Interacting with Coworkers and Employers

If you’re returning to a previous job, take a few moments to consider your work environment and culture and come up with a plan for first interactions. If you would rather not share details about your cancer experience, you can say something like, “I’m doing just fine,” and leave it at that. You should not feel pressured to talk about your cancer experience if you don’t want to, and supervisors are expected to maintain confidentiality.

Many people will be supportive when you return to work. However, there may be others who will doubt you or make insensitive comments. While you can’t control what others might say, you can employ strategies to avoid further insensitive remarks. You can politely respond using what Cancer and Careers refers to as “the swivel.” This tactic allows you to acknowledge the question or comment and then redirect the conversation to something you are more comfortable talking about.

Know Yourself and Your Environment

As much as you might want to get back into your “normal” life and routine, your mind and body may need time to readjust. Try to ease back into work as much as you can. If possible, start with a position that permits fewer hours, a part-time schedule, working from home or frequent breaks. You may need to re-evaluate your workspace to ensure it accommodates any limitations such as needing a different chair, having a desk closer to the bathroom or keeping necessary items within arm’s reach to conserve your energy.

When it comes to stress and/or anxiety in the workplace, try to be easy on yourself in the beginning. You’re going to have some stress, but you can do this. Leave yourself a note to remind yourself to take a few deep breaths every hour. Take breaks, get outside for some fresh air or listen to music for a few minutes. If you can, say no to certain projects or delegate tasks to others. Give yourself permission to ease back into things.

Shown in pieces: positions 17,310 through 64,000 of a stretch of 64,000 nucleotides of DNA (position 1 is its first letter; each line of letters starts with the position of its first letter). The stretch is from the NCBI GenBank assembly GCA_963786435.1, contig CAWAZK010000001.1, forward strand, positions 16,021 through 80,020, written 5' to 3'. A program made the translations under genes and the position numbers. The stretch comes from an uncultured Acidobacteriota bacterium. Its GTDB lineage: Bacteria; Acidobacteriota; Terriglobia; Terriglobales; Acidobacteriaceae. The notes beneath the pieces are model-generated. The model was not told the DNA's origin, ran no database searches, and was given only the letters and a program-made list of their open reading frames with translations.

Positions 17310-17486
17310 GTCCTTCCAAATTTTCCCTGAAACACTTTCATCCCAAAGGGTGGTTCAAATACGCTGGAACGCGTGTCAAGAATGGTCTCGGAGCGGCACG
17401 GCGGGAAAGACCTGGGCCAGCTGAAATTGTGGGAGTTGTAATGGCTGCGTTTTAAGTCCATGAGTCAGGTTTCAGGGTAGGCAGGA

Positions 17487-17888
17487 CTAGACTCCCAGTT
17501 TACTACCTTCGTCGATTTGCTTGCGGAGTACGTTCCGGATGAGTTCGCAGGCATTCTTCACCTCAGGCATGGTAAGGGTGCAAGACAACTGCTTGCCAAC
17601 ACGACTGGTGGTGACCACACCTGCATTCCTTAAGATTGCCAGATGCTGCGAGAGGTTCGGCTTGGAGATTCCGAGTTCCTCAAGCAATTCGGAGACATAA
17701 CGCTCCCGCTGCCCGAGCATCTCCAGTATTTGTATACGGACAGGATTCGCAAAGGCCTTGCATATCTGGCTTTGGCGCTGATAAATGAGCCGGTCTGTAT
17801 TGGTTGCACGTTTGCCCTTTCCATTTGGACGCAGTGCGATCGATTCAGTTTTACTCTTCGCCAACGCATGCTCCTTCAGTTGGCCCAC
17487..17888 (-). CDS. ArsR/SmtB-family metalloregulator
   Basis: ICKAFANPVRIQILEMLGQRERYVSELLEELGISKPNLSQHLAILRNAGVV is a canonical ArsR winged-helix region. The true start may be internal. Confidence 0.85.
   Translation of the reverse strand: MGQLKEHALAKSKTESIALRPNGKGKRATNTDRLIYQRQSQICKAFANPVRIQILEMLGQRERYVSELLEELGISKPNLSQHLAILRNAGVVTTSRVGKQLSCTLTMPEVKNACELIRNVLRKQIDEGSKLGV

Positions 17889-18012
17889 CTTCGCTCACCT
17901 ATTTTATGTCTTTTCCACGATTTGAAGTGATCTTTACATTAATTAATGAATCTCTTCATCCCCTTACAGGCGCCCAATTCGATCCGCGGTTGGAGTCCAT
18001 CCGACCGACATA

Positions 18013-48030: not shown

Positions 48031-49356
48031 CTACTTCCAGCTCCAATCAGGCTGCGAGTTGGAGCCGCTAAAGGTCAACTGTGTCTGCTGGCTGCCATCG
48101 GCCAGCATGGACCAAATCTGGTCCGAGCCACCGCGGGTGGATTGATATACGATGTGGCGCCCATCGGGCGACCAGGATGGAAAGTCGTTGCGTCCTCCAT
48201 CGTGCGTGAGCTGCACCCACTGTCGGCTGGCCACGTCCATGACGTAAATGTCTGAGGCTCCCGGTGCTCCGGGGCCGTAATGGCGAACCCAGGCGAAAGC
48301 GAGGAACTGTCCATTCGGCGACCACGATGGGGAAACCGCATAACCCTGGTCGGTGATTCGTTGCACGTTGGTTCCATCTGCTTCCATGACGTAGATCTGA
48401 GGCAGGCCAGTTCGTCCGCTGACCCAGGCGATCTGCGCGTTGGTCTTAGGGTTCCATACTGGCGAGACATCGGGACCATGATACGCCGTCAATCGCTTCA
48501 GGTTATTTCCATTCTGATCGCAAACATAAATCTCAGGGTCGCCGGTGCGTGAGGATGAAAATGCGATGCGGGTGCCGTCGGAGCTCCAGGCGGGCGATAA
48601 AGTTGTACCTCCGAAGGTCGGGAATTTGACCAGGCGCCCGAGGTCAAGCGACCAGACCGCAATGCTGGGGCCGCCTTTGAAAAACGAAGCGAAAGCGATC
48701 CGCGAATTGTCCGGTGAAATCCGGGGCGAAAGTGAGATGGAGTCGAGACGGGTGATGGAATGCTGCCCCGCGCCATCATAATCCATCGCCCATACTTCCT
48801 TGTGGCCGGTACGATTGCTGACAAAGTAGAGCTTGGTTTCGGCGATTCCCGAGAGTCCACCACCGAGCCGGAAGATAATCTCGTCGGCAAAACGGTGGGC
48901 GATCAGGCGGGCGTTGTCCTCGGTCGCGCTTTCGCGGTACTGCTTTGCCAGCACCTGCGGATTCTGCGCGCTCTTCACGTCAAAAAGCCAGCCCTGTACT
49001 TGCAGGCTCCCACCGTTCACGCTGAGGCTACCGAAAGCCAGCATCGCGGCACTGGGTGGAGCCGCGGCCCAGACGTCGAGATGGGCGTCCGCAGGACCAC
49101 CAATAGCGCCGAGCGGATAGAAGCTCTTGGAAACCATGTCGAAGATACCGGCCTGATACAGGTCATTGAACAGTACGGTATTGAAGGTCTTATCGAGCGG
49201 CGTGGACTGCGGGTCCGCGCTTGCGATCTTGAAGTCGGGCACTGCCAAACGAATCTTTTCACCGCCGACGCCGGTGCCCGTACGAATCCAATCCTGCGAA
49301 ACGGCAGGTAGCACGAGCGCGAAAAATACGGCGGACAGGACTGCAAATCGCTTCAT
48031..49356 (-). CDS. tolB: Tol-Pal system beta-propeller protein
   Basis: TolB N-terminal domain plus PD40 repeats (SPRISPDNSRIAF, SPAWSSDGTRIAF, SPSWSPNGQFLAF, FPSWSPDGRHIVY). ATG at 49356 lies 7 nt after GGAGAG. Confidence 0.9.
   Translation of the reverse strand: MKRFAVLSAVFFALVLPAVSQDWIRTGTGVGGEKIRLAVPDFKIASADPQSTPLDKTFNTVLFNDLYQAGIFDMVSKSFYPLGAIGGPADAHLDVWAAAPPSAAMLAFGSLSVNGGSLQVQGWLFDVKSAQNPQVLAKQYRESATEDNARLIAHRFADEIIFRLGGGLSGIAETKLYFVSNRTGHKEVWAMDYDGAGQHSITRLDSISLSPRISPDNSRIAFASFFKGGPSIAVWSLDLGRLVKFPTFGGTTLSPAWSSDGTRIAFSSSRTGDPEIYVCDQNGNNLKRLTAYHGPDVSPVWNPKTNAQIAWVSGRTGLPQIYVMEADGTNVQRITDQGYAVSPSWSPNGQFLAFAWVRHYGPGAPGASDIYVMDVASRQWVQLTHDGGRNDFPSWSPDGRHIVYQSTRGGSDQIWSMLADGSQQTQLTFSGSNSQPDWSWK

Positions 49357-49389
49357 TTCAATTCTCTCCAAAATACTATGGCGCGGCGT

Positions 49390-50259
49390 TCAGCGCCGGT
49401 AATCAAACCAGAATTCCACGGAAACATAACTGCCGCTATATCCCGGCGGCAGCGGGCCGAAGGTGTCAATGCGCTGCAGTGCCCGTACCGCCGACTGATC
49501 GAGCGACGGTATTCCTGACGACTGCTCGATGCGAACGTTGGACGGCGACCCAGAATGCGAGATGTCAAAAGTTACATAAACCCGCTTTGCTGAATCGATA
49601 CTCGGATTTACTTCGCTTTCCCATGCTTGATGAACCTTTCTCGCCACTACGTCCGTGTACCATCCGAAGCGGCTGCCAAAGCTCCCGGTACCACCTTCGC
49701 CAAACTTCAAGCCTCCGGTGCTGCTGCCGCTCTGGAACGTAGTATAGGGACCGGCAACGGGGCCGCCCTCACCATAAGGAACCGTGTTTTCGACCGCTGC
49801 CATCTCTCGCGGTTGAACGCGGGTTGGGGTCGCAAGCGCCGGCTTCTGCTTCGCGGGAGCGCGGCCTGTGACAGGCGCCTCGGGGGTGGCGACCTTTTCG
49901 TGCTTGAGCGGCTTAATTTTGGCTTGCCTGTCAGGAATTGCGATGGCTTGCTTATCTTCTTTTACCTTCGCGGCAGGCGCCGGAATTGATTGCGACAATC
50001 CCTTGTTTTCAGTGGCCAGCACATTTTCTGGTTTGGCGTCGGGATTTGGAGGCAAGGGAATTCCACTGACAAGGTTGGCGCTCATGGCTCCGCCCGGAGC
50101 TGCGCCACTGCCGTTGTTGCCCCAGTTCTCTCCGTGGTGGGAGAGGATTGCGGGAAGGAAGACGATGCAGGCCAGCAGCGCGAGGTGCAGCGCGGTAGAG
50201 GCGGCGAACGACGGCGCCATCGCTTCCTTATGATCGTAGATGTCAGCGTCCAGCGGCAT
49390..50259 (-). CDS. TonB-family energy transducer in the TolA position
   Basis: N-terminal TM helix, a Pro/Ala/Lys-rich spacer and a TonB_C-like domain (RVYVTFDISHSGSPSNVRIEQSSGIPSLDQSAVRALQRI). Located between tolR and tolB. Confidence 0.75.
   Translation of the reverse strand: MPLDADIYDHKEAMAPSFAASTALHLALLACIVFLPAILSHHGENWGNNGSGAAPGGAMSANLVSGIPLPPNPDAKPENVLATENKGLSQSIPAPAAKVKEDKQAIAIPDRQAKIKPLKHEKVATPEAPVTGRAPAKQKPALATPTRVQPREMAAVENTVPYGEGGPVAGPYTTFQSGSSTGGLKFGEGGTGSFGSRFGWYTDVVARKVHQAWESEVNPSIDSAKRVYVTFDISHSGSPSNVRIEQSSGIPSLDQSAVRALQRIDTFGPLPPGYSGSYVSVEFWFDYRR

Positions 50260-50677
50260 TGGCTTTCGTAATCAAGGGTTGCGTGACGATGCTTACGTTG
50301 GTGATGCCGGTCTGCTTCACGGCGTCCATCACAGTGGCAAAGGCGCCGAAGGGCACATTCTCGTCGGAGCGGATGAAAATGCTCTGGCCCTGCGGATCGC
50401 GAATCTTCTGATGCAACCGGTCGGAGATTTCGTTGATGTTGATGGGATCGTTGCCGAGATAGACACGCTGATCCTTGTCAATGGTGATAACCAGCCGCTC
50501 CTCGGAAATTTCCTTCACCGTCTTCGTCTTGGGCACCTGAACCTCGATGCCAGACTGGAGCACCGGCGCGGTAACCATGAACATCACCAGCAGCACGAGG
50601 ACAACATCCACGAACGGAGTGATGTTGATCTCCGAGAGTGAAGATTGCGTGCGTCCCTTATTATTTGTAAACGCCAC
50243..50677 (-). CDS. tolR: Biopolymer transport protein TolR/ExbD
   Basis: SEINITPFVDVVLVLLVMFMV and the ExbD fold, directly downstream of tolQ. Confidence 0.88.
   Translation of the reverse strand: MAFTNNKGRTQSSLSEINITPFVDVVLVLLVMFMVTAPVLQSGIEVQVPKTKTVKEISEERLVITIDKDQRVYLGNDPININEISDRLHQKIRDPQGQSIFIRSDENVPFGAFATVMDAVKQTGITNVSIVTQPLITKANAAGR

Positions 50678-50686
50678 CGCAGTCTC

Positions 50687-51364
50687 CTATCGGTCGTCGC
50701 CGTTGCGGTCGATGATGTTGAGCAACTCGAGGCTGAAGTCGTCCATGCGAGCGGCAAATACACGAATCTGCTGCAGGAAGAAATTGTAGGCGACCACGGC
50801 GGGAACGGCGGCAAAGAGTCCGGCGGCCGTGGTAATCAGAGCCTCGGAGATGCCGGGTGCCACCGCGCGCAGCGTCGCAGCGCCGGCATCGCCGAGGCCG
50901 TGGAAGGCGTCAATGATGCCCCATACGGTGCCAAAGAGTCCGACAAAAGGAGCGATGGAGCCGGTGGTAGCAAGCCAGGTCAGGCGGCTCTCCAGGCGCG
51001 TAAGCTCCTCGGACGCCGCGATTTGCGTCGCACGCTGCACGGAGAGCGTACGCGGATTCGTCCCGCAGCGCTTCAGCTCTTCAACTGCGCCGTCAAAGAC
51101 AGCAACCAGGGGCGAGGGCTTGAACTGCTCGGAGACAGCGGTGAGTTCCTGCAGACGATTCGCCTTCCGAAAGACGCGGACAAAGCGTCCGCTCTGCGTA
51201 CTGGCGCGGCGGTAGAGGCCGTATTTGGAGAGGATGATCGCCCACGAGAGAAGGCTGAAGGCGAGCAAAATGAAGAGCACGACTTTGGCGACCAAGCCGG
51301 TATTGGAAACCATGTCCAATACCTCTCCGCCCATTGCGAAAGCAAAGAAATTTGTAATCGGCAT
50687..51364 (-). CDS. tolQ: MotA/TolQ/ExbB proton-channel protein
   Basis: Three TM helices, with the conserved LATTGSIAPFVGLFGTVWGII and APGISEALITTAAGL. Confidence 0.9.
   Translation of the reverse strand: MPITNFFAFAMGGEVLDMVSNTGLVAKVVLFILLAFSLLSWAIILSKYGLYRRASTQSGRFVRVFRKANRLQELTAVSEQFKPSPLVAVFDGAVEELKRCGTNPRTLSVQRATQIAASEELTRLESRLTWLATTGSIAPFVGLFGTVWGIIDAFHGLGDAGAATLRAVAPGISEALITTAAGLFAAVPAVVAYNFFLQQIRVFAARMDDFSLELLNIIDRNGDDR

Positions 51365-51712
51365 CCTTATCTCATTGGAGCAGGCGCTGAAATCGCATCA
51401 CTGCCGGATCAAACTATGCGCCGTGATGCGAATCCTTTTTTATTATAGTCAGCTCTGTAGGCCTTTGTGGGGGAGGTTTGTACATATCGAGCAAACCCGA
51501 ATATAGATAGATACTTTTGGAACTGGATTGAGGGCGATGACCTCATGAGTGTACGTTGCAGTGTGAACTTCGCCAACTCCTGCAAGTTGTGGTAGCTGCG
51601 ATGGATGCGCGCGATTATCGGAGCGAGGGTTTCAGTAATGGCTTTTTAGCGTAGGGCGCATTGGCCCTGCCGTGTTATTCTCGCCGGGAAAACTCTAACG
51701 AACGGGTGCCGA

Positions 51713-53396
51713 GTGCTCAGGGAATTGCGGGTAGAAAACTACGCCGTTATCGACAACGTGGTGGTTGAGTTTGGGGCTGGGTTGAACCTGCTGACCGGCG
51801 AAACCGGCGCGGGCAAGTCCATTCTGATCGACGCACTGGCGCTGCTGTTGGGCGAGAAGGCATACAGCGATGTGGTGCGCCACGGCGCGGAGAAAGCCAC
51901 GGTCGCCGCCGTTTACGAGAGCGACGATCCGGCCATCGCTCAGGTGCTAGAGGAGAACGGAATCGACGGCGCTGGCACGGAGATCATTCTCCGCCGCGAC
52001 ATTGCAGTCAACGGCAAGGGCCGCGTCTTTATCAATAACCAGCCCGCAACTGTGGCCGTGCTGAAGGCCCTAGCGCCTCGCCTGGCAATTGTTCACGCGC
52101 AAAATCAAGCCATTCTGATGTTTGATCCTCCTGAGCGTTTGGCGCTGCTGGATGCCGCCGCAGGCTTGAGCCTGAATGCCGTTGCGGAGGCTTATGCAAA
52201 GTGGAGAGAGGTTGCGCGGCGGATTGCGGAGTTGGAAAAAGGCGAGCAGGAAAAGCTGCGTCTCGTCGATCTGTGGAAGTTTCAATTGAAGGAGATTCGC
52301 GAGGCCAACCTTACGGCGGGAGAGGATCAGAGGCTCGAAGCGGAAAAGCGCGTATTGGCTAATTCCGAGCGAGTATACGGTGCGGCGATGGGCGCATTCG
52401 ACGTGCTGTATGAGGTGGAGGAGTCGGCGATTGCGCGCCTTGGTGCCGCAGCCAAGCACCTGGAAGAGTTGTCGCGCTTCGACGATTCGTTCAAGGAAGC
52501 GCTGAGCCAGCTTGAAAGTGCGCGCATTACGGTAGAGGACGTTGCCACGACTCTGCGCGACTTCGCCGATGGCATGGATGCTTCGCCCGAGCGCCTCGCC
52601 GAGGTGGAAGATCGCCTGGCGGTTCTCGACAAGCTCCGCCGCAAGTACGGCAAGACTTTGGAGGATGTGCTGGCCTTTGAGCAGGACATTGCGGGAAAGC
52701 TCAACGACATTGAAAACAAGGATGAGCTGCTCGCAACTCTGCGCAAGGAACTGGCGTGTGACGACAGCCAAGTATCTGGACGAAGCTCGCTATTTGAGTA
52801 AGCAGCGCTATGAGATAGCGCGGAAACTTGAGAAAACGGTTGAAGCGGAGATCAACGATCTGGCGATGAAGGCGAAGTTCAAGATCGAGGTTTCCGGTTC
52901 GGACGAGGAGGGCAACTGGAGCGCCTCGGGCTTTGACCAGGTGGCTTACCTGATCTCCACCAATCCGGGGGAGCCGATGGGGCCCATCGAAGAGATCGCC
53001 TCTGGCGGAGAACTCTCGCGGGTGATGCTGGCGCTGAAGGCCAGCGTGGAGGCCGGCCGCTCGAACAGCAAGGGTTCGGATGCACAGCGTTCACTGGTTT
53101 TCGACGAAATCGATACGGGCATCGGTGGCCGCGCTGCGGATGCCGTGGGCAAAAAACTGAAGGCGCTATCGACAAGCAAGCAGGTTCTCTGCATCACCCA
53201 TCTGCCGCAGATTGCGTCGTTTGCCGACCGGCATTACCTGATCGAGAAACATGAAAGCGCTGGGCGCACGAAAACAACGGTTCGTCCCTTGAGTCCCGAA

Be sure to take advantage of great resources like Cancer and Careers, which offers free résumé assistance, career coaching, workshops and other information about working during and after cancer. CancerCare offers free support services such as counseling, support groups and educational information. Consider joining a post-treatment online support group to talk to others who are dealing with the many challenges that come after cancer treatment.

Returning to work after cancer treatment will have its challenges, but with the right mindset and a plan in place, you can make it a smoother transition. Keep the lines of communication open with your doctor to ensure your medical needs are being met and don’t be afraid to ask for reasonable accommodations at work. Most importantly, don’t be too hard on yourself. You’ve been through a lot and it’s okay to take your time.

Victoria Puzo, LCSW, is the Online Support Group Program Coordinator at CancerCare. As an oncology social worker, Victoria provides supportive counseling and resources to people coping with cancer and people who have experienced the loss of a loved one.